Winter Flowers for Hanging Baskets and Outdoor Decorations
Hanging baskets and outdoor floral displays can be as much a part of the garden in the run up to Christmas as they were in the long, hot days of summer. While the choice of plants is going to be more limited, there are more than enough varieties to make a good show if you pick them carefully and then look after them properly.
With the rest of the garden largely dormant over the winter months and the weather often dark and miserable, even a small splash of bright and colourful flowers can make a big impact amid all the gloom. In many ways hanging baskets and outdoor decorations really come into their own at this time of year – so it’s well worth the trouble of planting one or two as part of your Festive preparations.
Picking Your PlantsIt’s always difficult to predict exactly what will be in bloom for Christmas Day itself, since the weather can make a big difference to how ‘early’ or ‘late’ things are, so the best approach is to use a range of plants which flower at different times. That way you ought to have something in the basket looking its best on the actual day, and the succession of flowers should guarantee that you get a good display throughout most of the winter months as well.
Some of the best flower choices include:
- Winter-flowering pansies and violas
- Primroses, primulas and polyanthus
- Winter flowering heathers (Erica carnea)
- Snowdrops and crocuses
- Winter aconite (Eranthis hyemalis)
All of these plants are pretty hardy, which means they don’t really need too much in the way of care to keep them happy. If you keep your baskets and decorations watered – but not waterlogged – and are ready to give them some protection or move them in high winds or heavy frosts, you shouldn’t go far wrong.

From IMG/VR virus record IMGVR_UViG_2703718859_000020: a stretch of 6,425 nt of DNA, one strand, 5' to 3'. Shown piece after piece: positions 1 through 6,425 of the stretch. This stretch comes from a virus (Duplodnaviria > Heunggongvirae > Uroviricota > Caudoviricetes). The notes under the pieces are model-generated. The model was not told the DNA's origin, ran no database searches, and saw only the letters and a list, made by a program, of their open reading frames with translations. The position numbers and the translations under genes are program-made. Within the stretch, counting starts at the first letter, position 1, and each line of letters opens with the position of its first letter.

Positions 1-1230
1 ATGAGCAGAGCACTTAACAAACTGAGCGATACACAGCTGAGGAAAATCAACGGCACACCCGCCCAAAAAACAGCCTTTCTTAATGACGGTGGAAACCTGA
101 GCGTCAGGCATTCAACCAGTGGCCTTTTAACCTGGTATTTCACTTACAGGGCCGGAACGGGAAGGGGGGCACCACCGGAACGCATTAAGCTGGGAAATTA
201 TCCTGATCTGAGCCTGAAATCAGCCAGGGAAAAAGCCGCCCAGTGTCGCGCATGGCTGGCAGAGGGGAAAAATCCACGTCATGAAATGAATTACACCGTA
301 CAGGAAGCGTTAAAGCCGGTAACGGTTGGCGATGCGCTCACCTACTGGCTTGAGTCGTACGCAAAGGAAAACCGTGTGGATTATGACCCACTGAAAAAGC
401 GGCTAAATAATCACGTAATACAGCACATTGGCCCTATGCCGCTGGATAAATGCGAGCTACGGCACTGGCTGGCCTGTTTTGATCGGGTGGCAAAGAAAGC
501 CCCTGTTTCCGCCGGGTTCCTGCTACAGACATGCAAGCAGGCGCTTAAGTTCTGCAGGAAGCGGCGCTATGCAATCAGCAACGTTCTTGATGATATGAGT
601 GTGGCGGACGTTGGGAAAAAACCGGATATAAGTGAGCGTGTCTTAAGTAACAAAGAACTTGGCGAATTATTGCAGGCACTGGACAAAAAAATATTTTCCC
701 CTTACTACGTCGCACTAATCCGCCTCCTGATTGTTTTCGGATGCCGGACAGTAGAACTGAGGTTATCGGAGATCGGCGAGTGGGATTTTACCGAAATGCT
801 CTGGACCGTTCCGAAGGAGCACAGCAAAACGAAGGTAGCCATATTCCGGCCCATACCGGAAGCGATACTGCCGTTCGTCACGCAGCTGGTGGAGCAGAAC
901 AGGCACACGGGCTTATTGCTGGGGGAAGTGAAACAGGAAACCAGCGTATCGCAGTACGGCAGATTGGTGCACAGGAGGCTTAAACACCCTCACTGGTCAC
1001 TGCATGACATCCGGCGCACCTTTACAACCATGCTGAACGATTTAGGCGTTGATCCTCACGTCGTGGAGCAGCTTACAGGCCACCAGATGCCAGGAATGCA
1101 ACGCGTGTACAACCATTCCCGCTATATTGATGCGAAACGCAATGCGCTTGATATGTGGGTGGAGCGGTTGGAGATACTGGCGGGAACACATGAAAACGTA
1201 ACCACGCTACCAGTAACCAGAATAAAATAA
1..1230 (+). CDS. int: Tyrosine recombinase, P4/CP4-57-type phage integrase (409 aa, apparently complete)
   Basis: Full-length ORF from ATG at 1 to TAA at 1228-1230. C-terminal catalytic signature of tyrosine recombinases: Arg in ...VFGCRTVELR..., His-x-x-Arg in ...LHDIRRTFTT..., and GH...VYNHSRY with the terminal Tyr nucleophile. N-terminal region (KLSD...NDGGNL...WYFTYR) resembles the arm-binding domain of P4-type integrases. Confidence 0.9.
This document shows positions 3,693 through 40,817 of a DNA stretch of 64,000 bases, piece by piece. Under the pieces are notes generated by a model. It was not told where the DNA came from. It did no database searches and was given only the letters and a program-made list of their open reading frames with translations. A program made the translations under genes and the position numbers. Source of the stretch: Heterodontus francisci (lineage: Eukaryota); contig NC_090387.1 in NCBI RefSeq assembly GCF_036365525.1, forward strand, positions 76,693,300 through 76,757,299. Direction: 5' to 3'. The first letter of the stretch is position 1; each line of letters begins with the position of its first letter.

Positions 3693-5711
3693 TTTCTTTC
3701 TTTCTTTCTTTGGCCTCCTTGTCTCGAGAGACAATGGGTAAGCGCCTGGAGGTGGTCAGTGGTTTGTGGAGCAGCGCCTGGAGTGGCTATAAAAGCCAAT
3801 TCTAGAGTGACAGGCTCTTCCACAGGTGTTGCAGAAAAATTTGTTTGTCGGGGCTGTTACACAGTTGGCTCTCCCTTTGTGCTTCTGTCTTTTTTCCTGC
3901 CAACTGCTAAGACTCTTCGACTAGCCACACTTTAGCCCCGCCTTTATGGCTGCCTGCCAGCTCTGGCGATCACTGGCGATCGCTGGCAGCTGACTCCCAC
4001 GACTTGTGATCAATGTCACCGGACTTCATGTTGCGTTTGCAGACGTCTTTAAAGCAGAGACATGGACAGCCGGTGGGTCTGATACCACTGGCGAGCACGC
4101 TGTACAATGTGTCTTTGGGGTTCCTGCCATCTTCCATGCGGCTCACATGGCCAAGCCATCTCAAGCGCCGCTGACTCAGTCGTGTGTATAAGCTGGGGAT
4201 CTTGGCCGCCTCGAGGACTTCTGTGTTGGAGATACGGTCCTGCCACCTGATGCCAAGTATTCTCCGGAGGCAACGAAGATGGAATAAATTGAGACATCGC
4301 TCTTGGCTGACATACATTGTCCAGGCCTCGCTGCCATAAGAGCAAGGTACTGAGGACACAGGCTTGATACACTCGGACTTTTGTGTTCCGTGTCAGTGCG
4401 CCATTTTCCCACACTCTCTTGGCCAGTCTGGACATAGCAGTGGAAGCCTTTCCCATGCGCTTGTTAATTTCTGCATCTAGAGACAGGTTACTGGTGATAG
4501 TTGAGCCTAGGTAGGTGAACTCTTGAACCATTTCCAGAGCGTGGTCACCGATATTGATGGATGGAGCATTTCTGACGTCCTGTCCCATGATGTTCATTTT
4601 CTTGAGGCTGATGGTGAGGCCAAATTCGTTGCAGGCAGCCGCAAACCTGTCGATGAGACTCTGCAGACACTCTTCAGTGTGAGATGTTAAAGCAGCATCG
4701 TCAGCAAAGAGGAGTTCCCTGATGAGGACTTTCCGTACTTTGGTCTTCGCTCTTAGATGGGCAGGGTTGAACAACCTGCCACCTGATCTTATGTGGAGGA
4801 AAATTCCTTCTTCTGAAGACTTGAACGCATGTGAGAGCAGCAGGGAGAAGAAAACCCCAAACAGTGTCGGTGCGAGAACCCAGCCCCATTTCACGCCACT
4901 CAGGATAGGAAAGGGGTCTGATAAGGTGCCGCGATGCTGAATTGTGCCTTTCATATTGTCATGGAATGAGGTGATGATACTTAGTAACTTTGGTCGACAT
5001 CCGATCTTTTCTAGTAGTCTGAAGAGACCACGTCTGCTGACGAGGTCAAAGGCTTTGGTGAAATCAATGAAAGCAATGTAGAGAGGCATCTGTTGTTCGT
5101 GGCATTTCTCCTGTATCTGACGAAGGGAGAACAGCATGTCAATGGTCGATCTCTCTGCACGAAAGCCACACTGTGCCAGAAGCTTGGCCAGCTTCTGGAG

Outdoor DecorationsA striking pot or container can often be the starting point for a really impressive outdoor decoration. Quite often the shape, colour or texture of your pot can prove the inspiration for the whole display, so taking a while to find the right one before you get too involved with selecting your plants is time well spent.
It’s just as important to aim for a succession of early to late flowering plants for outdoor decorations as it is for hanging baskets, for exactly the same reason. Depending on the overall feel you’re trying to achieve, outdoor decorations can make use of taller plants than you’d generally find in hanging baskets. This is particularly good news if you’re working with a yellow or cream colour scheme because it lets you pick probably the best and most dependable winter flowering plant of all – Mahonia. japonica. Putting out delicate scented, yellow flowering branches above its spiky holly-like leaves from mid-autumn into the early days of spring, it’s a hard act to beat!
Under-planting the main display with suitable bulbs – the likes of crocuses, snowdrops and miniature daffodils (some kinds are scented) – can be another very effective way of extending the life of your Christmas decoration into February and March.
When To PlantAlthough you would normally try to plant your baskets and decorations in September or October to give them a chance to get themselves properly established by the start of winter, if you’ve left it a bit late don’t worry. The choice in your local garden centre may not be quite so extensive in late November or December, but if you pick fairly large plants, you’ve still got time to put together a display that will do you proud at Christmas.
With a few well-selected plants, a suitable container and a bit of imagination, winter hanging baskets and displays can add a whole new dimension to your Festive outdoor decor. Perhaps best of all, they’re great fun to do.
Enjoy making yours!